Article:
Everyone knows to get better at any art form, you have to first understand the particular tools and procedures that form it. Design is no different from playing an instrument or even a chef making a meal. If the elements of graphic design (line, color, texture, shape) are the ingredients laid out in front of her and the principles of design (movement, rhythm, proportion, etc) are the recipe she uses to make the meal, then think of design layout and composition as the final plating.
Sure, the chef could throw everything into a bowl and call it good. Or, she could arrange the ingredients in a way that highlights the individual elements inside; she can deliver a message in a beautiful package. With time and care, she can create an incredible experience for the person consuming the meal.
Read on to learn more about the many ways you can structure your design compositions to have the showstopping effect of a perfect seven-tiered cake.
1. The grid
Grids give order to graphic design. They speed up the design process by helping designers decide where content should be placed rather than where it could be placed.
Most designers see an invisible grid running through all their designs. In modern web design, clean grid lines have become popular and almost impossible to avoid. There are a few simple reasons for this: grids make your designs cleaner, more efficient and easier to adapt.
Grids bring organization not only to the design, but to the process of creating design. Say you want to create a poster for a lecture series. Create a strong grid and if the dates, times, images and colors all change, your basic designs will feel related. Instant consistency and less time updating and adjusting. Baseline grids also give you a great roadmap when working in a team. Every designer knows the feeling of relief that comes with opening someone else’s design and seeing a clear grid to follow!
2. Emphasis and scale
The eye generally needs a place to rest or something of interest to hold it, otherwise people will look at your design and quickly move on. Say you take a photograph of your mom at a family reunion. Your purpose is to bring attention to the moment and the joy of the gathering by making your mom the subject and focal point of your composition.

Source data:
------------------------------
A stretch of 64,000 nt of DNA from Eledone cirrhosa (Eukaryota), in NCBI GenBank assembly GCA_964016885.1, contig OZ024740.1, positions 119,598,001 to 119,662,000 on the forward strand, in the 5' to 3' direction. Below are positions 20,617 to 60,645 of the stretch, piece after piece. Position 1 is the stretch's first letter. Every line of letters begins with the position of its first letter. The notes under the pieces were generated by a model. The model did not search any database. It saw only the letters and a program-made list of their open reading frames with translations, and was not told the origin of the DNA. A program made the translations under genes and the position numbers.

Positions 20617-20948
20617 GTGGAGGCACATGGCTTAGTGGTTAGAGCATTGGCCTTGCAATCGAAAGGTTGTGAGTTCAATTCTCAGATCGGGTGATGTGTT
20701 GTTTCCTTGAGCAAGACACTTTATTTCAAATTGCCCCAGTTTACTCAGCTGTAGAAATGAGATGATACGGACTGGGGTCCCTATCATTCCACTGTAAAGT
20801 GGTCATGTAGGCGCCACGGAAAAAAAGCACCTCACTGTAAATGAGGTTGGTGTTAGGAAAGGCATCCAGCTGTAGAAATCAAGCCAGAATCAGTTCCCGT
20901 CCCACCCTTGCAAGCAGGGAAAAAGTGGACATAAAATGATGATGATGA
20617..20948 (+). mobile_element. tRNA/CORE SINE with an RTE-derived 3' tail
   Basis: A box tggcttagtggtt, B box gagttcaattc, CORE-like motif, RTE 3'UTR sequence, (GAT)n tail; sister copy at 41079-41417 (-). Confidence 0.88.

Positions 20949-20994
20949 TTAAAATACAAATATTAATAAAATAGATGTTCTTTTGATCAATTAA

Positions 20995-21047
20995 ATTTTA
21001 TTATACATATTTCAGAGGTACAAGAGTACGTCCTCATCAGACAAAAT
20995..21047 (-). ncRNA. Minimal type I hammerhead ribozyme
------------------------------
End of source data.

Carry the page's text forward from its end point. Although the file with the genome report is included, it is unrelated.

To communicate the message to the viewer that your mom is the focal point, you want to use scale and emphasis. You could place her prominently in the photograph and make sure she is the largest object in the photo. You could emphasize her by blurring the background to make her stand out or focusing her brightly colored dress.
Figuring out the focal point of the design will give your eye the guide it requires to structure the composition, as well as organically build hierarchy. In the design above the focal point is the ridiculous cake—our eyes go right to it and then read the rest for context.
This web design balances different sized elements perfectly by supporting them with equal white space. By TeeBox ™.
What happens when you don’t have any white space. Manipulation by megireid.
Isn’t everything in life a search for balance? Design is no different. Designers must constantly juggle different elements to find harmony in their design. Imagine an invisible set of scales in each design and make sure you don’t tip the scales by cloistering elements on one side of your grid. The website design above does this cleanly by marrying large type elements (“What We Do” “Our Works”) with smaller, equal-sized paragraphs of longer explanatory copy.
Keep in mind that in terms of composition, white space (or negative space) is also an element. White space gives our eyes paths to follow through the design. Give each element on the page some space to breathe and balance between positive and negative space will emerge organically. You can see how moving the elements in the web design above closer together (thus shrinking the negative space and disrupting the balance of the piece) makes the design claustrophobic and ultimately unsuccessful.
4. Rule of thirds
The Rule of Thirds is inescapable in design. It’s a fundamental guideline that’s so simple and effective, it often feels like a cheat: divide your design into three rows and three columns. The points where the vertical and horizontal lines meet form natural guidelines for where you should place your subject and supporting elements. Struggling with finding balance in your designs? The Rule of Thirds is about to become your best friend.
For the most clear examples, look at photographs. In the example above, the focal points (the tree and horizon) are perfectly aligned with the grid created by the Rule of Thirds. If the tree was dead center horizontally and the mountains were directly in the vertical center, the composition would not be so pleasing.
5. Rule of odds
The Rule of Odds says that pleasing compositions seem to often have an odd number of elements placed in the foreground, most commonly three. The two objects on the outside both balance the focal point in the center, creating a simple, natural balance. (If you’re a wedding photographer this is probably the most difficult rule to follow.) This is often true in logo design, where a centered mark might be offset on either side by the company name, like in Needle Records’ logo.
The power of a well-composed design
This is just an overview of the different ways a designer can shape a composition to have the greatest impact on viewers. As always, remember that rules are meant to be broken. But once you start understanding and executing these rules and structures in your own work, it will improve and strengthen your designs immeasurably.